Gasoline PPC: A Parametric Study of Late Cycle Mixing Conditions using a Predictive Two-zone SRM Modeling Tool

Paper #:
  • 2013-01-2621

Published:
  • 2013-10-14
DOI:
  • 10.4271/2013-01-2621
Citation:
Lundgren, M., Tuner, M., Johansson, B., Bjerkborn, S. et al., "Gasoline PPC: A Parametric Study of Late Cycle Mixing Conditions using a Predictive Two-zone SRM Modeling Tool," SAE Technical Paper 2013-01-2621, 2013, https://doi.org/10.4271/2013-01-2621.
Pages:
17
Abstract:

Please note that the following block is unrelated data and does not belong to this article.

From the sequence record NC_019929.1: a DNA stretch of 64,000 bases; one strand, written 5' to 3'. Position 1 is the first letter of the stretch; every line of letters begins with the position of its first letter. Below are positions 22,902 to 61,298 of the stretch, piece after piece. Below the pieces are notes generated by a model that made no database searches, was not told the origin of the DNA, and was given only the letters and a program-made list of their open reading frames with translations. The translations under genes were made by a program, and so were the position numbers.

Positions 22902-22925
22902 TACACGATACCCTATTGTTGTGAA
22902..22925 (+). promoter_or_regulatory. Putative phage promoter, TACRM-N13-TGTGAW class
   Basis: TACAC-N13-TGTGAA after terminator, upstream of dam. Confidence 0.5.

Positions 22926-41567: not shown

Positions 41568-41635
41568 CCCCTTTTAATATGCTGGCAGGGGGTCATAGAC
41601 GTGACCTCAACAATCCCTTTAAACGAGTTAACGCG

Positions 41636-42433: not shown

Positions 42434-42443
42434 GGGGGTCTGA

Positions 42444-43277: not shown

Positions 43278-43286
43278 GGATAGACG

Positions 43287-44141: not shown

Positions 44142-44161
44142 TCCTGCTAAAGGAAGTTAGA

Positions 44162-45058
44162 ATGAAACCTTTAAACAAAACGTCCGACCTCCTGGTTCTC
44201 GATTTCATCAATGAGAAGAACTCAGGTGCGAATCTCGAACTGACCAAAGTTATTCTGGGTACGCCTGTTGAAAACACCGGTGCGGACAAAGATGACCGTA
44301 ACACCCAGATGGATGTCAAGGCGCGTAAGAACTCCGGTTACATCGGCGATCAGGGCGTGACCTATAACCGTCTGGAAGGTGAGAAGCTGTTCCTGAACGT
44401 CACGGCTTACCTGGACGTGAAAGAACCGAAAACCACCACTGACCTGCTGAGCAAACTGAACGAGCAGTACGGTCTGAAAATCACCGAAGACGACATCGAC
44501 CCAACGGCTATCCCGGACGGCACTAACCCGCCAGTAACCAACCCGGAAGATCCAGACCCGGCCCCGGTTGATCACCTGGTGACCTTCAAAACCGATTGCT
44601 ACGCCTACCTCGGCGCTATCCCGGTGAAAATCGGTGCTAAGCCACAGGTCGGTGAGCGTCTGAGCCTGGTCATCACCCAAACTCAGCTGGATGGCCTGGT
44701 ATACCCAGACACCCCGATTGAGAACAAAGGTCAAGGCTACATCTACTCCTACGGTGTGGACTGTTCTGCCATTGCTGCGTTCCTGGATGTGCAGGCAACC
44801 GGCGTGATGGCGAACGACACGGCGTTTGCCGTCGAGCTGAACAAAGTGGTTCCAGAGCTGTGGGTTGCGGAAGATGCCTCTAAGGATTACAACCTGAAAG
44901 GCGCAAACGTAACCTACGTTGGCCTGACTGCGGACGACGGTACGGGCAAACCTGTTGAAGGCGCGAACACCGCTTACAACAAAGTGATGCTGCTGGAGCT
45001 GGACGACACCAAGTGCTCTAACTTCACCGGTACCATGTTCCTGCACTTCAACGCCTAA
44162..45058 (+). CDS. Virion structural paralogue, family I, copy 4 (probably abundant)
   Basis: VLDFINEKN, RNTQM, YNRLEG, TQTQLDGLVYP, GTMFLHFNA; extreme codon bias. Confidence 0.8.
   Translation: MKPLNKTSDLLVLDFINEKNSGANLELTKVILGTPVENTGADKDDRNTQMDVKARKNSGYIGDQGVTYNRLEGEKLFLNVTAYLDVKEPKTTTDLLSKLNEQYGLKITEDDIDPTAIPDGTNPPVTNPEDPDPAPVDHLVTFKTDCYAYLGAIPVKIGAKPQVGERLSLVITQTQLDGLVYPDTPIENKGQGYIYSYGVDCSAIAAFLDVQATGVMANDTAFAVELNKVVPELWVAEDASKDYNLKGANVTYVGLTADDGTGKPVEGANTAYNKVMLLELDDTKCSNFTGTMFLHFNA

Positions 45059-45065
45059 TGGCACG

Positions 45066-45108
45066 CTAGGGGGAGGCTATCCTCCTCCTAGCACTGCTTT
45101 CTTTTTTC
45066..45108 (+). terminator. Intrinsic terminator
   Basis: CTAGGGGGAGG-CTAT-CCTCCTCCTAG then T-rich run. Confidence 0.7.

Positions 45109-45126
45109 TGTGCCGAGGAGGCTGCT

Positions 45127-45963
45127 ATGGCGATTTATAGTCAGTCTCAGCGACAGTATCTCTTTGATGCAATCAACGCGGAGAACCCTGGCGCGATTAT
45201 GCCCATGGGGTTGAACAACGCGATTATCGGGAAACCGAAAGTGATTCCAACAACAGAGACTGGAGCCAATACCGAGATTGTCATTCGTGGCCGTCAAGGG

The relatively new combustion concept known as partially premixed combustion (PPC) has high efficiency and low emissions. However, there are still challenges when it comes to fully understanding and implementing PPC. Thus a predictive combustion tool was used to gain further insight into the combustion process in late cycle mixing. The modeling tool is a stochastic reactor model (SRM) based on probability density functions (PDF). The model requires less computational time than a similar study using computational fluid dynamics (CFD). A novel approach with a two-zone SRM was used to capture the behavior of the partially premixed or stratified zones prior to ignition. This study focuses on PPC mixing conditions and the use of an efficient analysis approach. It was done in three steps: a validation of the two-zone SRM against CFD and experimental data, a parametric study using a design of experiment (DOE) approach to late cycle mixing conditions, and analyses of fuel mass distribution with time-resolved probability density functions (TPDF). Results from the investigation show that the two-zone SRM is suitable for prediction of the PPC conditions and is able to run simulations at an average of 25 min/cycle. The findings of the parametric study showed, that a higher mixing intensity is preferable to longer mixing duration before the start of combustion as it decreases pressure rise rate without penalizing combustion efficiency. The TPDF plots offer a good alternative when presenting mixture fraction distributions. However, they may be more suited to smaller amounts of data than are presented in this investigation.
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